The Pennsylvania Superior Court Grants Summary Judgment Based Upon Waiver of Liability

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The Pennsylvania Superior Court granted summary judgment based upon a waiver of liability in the case of Valentino v. Philadelphia Triathlon, LLC No. 3049 EDA 2013 (PA. Super. Nov. 15 2016)(enbanc).  In Valentino, the Estate of Dereck Valentino brought a wrongful death action and a survival action against Defendant resulting from Mr. Valentino's involvement in the Philadelphia Insurance Sprint Triathlon.  This event involved swimming, biking and running.

Prior to the start of the triathlon, Mr. Valentino executed an electronic liability waiver form.  The waiver form included a statement that he understood and acknowledged the physical and mental demands associated with participating in a triathlon.  Mr. Valentino also acknowledged that swimming, biking, and running are inherently dangerous activities and that the risks and dangers include serious bodily injury and death.  The liability waiver form also included language that he would indemnify, defend and hold harmless Defendant from liability.  He acknowledged that he read and understood the terms of the waiver and was waiving his right to sue and released Defendant from all liability.  Mr. Valentino died during the swimming portion of the triathlon.

In granting the summary judgment, the Pennsylvania Superior Court reviewed the standard applied to liability waivers.  Specifically, the Court held that "Pennsylvania law recognizes the enforceability of valid liability waivers, particularly in cases where the injured party elects to engage in activities that entail an obvious risk of injury or loss."  The Court went on to hold that by signing a liability waiver, Mr. Valentino knew and assumed the risks and released Defendant from any harm.  By signing the waiver, Mr. Valentino shifted the loss from Defendant unto himself.  Thus, the tortious conduct was transformed into non-tortious conduct.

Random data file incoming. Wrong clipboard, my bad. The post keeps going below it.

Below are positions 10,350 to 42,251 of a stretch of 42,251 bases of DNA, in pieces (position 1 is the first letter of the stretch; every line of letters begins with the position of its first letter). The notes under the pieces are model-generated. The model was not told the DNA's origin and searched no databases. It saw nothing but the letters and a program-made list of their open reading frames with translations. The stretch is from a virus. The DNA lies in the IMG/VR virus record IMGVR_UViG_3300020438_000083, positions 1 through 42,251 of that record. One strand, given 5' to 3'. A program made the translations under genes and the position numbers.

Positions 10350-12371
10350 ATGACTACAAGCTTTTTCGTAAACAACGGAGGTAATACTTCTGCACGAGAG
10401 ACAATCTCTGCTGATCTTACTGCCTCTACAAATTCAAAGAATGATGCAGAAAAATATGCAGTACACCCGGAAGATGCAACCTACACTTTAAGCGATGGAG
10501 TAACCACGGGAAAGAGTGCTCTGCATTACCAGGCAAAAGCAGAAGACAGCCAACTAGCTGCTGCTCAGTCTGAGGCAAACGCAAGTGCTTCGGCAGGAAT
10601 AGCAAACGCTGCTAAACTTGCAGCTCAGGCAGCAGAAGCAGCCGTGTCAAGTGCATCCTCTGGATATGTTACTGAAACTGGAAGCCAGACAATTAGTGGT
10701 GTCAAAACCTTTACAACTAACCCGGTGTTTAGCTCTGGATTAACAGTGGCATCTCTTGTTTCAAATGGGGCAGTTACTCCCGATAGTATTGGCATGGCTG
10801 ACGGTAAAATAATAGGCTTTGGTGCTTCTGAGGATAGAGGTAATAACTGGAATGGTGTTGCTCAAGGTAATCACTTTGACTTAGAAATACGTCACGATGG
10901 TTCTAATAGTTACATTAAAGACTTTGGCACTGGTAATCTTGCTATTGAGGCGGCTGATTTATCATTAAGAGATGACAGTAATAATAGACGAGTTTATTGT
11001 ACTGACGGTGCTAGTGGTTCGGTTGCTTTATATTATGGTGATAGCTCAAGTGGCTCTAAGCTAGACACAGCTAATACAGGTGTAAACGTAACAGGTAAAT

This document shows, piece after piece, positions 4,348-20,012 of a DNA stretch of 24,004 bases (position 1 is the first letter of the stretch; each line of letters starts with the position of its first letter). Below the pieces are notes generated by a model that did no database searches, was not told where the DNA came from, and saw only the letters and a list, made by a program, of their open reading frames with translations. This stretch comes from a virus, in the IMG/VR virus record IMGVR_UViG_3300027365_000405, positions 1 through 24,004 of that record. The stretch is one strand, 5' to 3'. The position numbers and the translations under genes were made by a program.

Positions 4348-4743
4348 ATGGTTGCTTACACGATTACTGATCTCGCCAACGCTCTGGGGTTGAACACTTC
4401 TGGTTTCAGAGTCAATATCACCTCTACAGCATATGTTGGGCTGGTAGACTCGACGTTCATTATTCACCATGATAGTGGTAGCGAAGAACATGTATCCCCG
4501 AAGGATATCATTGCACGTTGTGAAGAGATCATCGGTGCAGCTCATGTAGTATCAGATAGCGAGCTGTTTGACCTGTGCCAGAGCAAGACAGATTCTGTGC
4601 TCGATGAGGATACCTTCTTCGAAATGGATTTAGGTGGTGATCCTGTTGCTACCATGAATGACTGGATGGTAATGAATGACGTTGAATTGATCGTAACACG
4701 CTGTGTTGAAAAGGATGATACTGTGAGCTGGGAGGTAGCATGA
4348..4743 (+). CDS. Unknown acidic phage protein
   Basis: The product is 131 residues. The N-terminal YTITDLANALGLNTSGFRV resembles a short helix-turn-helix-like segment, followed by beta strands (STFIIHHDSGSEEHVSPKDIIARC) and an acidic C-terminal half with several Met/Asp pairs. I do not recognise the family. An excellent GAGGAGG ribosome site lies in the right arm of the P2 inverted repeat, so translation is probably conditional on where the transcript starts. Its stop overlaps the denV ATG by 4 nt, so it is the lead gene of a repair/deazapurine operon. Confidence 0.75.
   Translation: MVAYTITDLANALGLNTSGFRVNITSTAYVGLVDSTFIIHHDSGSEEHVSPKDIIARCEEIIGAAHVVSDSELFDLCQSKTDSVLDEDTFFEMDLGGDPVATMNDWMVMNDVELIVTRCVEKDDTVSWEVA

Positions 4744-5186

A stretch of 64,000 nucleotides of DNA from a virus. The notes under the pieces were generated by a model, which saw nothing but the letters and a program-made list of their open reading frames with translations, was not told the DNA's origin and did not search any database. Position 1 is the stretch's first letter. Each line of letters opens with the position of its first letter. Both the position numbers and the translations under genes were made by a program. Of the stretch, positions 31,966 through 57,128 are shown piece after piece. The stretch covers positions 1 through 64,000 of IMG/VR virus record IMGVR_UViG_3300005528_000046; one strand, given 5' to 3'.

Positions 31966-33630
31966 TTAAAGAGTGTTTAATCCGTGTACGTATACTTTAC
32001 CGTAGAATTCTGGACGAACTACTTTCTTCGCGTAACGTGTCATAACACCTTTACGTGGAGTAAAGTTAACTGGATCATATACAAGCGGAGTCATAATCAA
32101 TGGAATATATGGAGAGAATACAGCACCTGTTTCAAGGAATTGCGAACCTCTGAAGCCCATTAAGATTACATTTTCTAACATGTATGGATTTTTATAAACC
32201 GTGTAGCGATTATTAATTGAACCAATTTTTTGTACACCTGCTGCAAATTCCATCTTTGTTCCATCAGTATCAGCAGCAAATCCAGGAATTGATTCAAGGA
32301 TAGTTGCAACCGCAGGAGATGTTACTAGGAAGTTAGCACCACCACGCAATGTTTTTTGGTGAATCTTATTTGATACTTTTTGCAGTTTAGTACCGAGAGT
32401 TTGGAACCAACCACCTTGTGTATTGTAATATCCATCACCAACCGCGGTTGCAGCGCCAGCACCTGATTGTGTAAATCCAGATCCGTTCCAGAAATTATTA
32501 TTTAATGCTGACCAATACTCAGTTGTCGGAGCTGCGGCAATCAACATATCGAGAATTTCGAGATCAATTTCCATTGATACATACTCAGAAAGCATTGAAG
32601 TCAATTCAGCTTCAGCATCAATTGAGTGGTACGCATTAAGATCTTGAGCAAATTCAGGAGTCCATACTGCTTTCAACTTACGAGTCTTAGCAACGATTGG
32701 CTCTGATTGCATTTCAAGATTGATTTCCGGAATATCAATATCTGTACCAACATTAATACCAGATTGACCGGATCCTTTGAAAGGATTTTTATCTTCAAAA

The Court went on to hold that the liability waiver executed by Mr. Valentino not only applied to the survival action, but also to the wrongful death action even though his wife had not signed the waiver.  In summary, the Pennsylvania Superior Court held that the waiver agreement not only defeated the negligence claims asserted in the survival action, but also the negligence claims asserted in the context of the wrongful death action.


When faced with a claim that involves a waiver of liability, the facts and events surrounding the incident should be thoroughly investigated and a detailed record of the events established.  Understanding and confirming the facts early on will not only assist defense counsel with asserting the defense of waiver and release, but it will significantly increase the probability that a motion for summary judgment will be successful.  Upon notice of a claim, a copy of the waiver should be preserved along with all the other signed documents.  If the waiver was done electronically, a copy of the electronic file should also be preserved.  The cause of the injury should be compared to the known risks and the dangers outlined in the waiver.  A well drafted waiver will increase the probability that the Court will find the alleged tortious conduct to be transformed into a non-tortious event extinguishing the alleged duty of care owed to the injured person.

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